A week later the boys for Palmyra took off, and a month later the boys for Canton left. There were about a hundred natives working for the Americans on Funafuti. We were called "casual labor." We had to unload the cargo from the ships. It was hard work but the Americans looked after us very well. The only trouble was with the British. They didn't want the Americans to give us the wages they wanted to pay. We got seven dollars and fifty cents a month, that is three pounds and fifteen shillings. I was the paymaster for all the natives, because I knew about that.

The American quartermaster told me about the trouble with the British. He showed me a paper which said that we should get 70 dollars a month. So he said that we should keep the money for us that was left over when I had paid the laborers but keep quiet about it. There was always more than I needed to pay the laborers.

After some time we were no longer scared about the bombing. When we heard the siren, we just went to our foxholes but didn't go down until they started dropping bombs. We watched the planes and swore at them.

We wrote letters to our families and sent them things. The Americans were very kind to us. They used their dive bombers to drop our mail and parcels at Vaitupu and the other Ellice Islands. Of course we didn't hear from our families, because the mission boat and the government boat didn't go around the islands any more. Sometimes the PT boats would take some officers to Vaitupu for the weekend and they would bring letters back. I received maybe two or three letters from my family while I was on Funafuti.

Amphibian Plane

The Americans were really very good to us. Whenever the boys wanted something I went to Colonel Hicks and asked him, and he always said, "O.K., you can have it." That's why we worked very hard, even on Sundays. The boys didn't want to work on Sunday, but I told them, "This is wartime, mind you! In wartime you work, day and night, hurricane time or not, until the job is done. So forget about Sunday until you are back in Vaitupu." When I explained that, they agreed to work also on Sunday.

I was working in the quartermaster's office. One day the Colonel told me that I had to give out the goods from the store. Often the Americans had gone to the store with one of our men to pick up an order but they had just taken what they wanted. The first time I went there with a list of things I had to give out, two of the men started taking cases with boots and shirts from the store and loading them on their jeep. I told them to put the cases back. They swore at me. Ijust laughed at them. I said, "I know I am a native, but I do what my boss tells me to do." They did put the cases back.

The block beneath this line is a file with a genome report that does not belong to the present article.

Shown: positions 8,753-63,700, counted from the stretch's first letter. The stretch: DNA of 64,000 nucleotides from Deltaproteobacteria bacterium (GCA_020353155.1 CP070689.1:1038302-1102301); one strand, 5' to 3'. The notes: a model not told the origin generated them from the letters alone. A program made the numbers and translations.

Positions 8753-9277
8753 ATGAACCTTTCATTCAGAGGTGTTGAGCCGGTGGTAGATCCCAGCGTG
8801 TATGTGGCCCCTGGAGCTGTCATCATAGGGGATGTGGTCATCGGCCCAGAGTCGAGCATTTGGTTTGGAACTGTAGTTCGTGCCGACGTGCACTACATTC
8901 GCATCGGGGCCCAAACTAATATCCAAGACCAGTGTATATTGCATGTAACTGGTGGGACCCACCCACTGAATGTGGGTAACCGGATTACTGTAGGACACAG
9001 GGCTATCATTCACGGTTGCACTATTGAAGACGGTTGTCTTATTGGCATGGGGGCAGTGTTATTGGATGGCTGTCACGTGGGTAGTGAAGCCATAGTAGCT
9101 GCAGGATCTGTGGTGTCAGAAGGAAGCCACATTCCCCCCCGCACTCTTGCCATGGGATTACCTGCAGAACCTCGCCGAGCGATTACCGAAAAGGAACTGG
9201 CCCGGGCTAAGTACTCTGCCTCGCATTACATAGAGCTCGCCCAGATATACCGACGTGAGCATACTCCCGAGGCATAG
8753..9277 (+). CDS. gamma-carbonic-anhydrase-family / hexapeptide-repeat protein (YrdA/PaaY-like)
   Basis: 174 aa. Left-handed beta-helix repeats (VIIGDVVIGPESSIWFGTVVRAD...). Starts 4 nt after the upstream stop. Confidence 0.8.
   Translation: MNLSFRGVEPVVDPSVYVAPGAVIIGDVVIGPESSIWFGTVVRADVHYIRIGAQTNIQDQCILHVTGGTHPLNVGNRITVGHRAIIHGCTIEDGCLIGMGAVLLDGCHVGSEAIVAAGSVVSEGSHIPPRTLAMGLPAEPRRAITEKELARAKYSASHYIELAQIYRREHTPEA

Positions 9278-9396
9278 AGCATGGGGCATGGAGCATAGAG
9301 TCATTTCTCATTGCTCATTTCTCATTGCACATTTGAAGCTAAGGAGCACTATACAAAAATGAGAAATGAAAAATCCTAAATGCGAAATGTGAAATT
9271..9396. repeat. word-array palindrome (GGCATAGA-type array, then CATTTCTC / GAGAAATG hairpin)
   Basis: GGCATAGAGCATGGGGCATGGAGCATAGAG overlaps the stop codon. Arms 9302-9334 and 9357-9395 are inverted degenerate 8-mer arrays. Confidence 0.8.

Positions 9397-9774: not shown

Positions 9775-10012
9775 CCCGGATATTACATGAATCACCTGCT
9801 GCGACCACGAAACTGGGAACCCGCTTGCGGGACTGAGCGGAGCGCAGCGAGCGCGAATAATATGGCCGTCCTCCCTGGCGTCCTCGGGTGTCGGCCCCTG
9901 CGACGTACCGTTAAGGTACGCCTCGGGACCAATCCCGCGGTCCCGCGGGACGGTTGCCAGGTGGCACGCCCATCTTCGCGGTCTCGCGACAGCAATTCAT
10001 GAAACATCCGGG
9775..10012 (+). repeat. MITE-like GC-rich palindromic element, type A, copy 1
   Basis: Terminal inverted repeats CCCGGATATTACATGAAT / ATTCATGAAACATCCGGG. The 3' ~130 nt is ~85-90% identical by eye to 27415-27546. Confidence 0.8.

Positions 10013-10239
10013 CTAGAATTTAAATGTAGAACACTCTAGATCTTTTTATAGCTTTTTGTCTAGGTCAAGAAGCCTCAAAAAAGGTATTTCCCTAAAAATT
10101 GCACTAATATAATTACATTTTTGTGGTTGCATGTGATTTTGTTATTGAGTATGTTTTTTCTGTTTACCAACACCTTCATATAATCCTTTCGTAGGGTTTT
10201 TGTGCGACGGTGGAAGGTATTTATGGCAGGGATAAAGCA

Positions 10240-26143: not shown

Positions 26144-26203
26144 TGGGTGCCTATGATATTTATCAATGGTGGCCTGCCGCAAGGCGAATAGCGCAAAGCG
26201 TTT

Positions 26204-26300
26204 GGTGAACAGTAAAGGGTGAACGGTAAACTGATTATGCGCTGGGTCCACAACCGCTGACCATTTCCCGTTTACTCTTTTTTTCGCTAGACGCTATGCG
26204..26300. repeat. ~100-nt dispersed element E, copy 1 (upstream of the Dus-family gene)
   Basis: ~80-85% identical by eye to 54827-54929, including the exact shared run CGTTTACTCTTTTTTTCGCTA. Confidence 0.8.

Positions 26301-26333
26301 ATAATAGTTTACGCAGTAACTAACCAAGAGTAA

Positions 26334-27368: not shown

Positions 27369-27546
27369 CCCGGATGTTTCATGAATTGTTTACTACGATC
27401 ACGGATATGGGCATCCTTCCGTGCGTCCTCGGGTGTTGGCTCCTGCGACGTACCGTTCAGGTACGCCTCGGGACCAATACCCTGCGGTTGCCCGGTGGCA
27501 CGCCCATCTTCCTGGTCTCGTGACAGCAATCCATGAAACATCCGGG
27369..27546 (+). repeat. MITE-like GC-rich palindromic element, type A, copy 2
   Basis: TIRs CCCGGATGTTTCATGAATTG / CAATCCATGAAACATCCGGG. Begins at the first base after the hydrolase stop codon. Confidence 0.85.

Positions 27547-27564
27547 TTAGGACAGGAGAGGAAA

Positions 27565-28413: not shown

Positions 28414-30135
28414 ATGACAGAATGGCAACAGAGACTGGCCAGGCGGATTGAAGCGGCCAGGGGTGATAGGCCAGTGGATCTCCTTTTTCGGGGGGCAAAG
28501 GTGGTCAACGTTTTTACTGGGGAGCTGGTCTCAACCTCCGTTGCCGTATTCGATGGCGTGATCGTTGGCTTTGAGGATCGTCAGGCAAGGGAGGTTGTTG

Later the sergeant told me to be careful, because that battalion was made up of bushmen. He said that few of them had any education and that I must watch out. He liked me a lot, I think. After that a corporal came with me every time.

We had been on Funafuti for many months when we heard that the Americans had received a message that the Japanese wanted to be in Funafuti by Christmas. In November we had a big attack. It lasted all night. The Japanese planes flew very low. They dropped bombs and used their guns. Next morning the air base was very damaged. We worked very hard to level the ground and to clear up the mess.

Then one day the Colonel took me out to the far end of the island in his jeep. He let me look through his binoculars and I saw many, many ships sailing north. The Colonel said that they were American ships going to attack Tarawa. Next morning the whole beach was crowded with Americans. They were the marines who were going to attack Tarawa. They stayed for maybe three days. The Japanese bombers never came back to Funafuti. We couldn't sleep for two weeks then, because the American planes took off and landed day and night, day and night, on the Funafuti airfield. Some planes came back with one wing half broken off or with part of the tail gone. That was something; that was what the war was like.

After maybe three weeks we received a message that the Americans had landed in Tarawa [November 1943].Everybody was happy and shouting. That was the time when the Colonel told me to open the store and give the marines everything they wanted.

After the Americans had taken Tarawa, other marines came from the United States. They were all Negroes, only the captain was a European. They were all right, these people, but something was different for us then. I learned that myself. They were like natives, and maybe it was too hard for them to be kind to other natives, I mean to us Ellice people. Maybe they thought, "We have the same skin, but we are from America." Anyway, they treated us differently. They always said bad things about the [white] Americans, and that they would get back at them sometime in the future. They reckoned that they were not treated like the European Americans.

I think they were wrong because they were educated by the Europeans; they didn't know anything by themselves. How can I go against a person who teaches me things? That's bad. The Negroes were natives just like us, but they always talked smart. Well, I don't know, they just weren't like the Europeans.

After the Americans had taken Tarawa, the commissioner made a list of all the Ellice people who had been on Ocean Island before the war. When the Japanese came to Ocean Island they sent many people to other islands, some to Nauru, some to the Marshall Islands, and some to Tarawa. I heard that Penitala was in Tarawa, and so I wrote him a letter, which a good friend, an American chief engineer in the air force, on a B-24, took to Tarawa. After about three days I received a letter from Penitala. He wrote all the names of the Ellice people who were there. My son, Loto, who had been adopted, as I told you, was there, too. I was happy to hear that he was all right.